Torque x Rpm / 63025 = Horsepower

OR

Force x Velocity / 33,000 = Horsepower

Horsepower x 63025/ rpm = Torque

Torque can be present at zero rpm, in which case the horsepower would be zero.

Without the element of time, (revolutions per Minute) there is no energy.

He arbitrarily raised that figure 50% to approximate what he thought a horse might be able to do. So, One Horsepower is the ability to lift 33,000 lbs, one foot, in one minute.

Torque, is a force, tending to cause rotation. It is measured in terms of pounds, or ounces; acting on a lever arm, measured in terms of feet, or inches. (The metric system uses Newton Meters) This lever arm is connected to a shaft that can rotate. Most mechanical power transmission components are rated in terms of “Pound Inches" or, “Inch Pounds". There is some argument as to which variant is correct, as for me; I consider them to be interchangeable. Smaller mechanical power transmission components are often rated in terms of “Ounce Inches" or “Inch Ounces" Again, interchangeable terms a far as I am concerned. One “Foot Pound" or Twelve “Inch Pounds" of torque is a one-pound force, applied to a lever arm, one foot, or twelve inches long, connected to a shaft, that tends to cause rotation of the shaft.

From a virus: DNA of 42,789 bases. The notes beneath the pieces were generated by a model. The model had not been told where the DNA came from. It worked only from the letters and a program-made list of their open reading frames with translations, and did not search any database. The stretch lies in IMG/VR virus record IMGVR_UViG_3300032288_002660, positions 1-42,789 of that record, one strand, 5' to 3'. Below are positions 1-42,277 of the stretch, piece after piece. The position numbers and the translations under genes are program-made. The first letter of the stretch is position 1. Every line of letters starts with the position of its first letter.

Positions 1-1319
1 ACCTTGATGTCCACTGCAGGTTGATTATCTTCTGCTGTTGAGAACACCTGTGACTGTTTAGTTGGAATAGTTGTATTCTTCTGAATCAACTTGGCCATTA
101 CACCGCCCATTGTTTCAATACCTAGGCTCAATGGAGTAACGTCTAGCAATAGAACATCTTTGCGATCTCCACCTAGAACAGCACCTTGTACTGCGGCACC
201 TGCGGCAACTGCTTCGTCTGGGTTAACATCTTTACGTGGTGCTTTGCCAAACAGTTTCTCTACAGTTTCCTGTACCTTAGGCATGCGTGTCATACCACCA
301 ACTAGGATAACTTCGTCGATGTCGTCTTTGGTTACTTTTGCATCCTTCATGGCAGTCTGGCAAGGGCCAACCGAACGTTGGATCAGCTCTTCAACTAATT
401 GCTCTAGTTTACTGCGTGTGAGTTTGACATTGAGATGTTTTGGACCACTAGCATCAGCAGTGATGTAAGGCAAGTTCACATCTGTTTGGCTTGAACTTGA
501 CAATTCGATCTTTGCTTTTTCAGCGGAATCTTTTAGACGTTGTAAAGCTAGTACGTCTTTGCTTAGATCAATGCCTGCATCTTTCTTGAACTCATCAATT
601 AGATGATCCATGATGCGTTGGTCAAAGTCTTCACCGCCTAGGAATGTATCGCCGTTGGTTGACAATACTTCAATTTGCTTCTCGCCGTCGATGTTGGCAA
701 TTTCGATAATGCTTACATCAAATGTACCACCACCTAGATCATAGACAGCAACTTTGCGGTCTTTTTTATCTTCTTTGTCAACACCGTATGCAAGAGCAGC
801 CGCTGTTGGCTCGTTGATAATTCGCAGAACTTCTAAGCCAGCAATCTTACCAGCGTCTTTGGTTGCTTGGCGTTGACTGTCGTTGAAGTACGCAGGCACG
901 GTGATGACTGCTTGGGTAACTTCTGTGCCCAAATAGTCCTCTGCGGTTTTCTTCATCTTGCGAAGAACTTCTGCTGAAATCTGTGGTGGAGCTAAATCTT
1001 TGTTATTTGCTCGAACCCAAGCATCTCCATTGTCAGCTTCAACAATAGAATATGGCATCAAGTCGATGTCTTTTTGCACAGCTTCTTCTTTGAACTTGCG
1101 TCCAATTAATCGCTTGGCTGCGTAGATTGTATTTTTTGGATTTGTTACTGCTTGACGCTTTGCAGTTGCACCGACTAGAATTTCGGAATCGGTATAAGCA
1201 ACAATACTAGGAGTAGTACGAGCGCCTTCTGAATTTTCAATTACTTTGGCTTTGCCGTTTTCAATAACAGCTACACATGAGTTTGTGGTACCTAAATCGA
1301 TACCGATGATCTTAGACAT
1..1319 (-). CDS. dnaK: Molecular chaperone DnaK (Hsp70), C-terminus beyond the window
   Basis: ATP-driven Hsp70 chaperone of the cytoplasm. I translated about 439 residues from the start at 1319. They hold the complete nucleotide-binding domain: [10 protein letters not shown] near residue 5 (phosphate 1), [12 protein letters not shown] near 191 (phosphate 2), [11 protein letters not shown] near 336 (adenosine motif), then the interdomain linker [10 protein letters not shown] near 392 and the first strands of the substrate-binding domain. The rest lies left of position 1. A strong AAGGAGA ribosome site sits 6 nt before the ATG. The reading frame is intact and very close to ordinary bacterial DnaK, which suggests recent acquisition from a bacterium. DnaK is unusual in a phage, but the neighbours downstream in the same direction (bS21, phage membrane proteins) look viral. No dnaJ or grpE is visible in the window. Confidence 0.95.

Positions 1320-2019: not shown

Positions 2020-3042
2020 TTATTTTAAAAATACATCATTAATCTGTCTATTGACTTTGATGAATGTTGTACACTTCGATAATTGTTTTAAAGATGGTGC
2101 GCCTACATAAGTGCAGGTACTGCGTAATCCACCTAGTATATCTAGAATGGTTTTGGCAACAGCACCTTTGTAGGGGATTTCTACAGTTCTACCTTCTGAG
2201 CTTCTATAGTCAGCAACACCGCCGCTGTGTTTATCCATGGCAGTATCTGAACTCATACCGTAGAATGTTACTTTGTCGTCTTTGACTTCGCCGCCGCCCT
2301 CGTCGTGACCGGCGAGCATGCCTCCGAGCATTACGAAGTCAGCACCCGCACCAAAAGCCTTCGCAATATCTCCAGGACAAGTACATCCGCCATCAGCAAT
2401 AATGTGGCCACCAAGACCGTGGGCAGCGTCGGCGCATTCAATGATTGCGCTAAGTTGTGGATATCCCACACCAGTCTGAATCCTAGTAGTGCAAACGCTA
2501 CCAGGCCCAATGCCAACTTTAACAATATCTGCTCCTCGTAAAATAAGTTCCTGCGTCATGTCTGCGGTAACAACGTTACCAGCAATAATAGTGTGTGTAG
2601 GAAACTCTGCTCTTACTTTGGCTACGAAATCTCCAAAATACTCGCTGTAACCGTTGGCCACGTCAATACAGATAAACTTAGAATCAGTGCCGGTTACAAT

So, why should you care? All driven machines require horsepower and torque to drive them. Lets look at two simple machines, an elevator (Vertical lift), and a chain conveyor (Horizontal move). For simplicity, we will drive both with a 24" pitch diameter (12" radius) headshaft (drive) sprocket. Both will have the same load of 1000 lbs. I will calculate the required Horsepower and Torque for both, at 50 feet per minute, and 100 feet per minute. Also for simplicity, I will disregard the weight of the chain in all examples.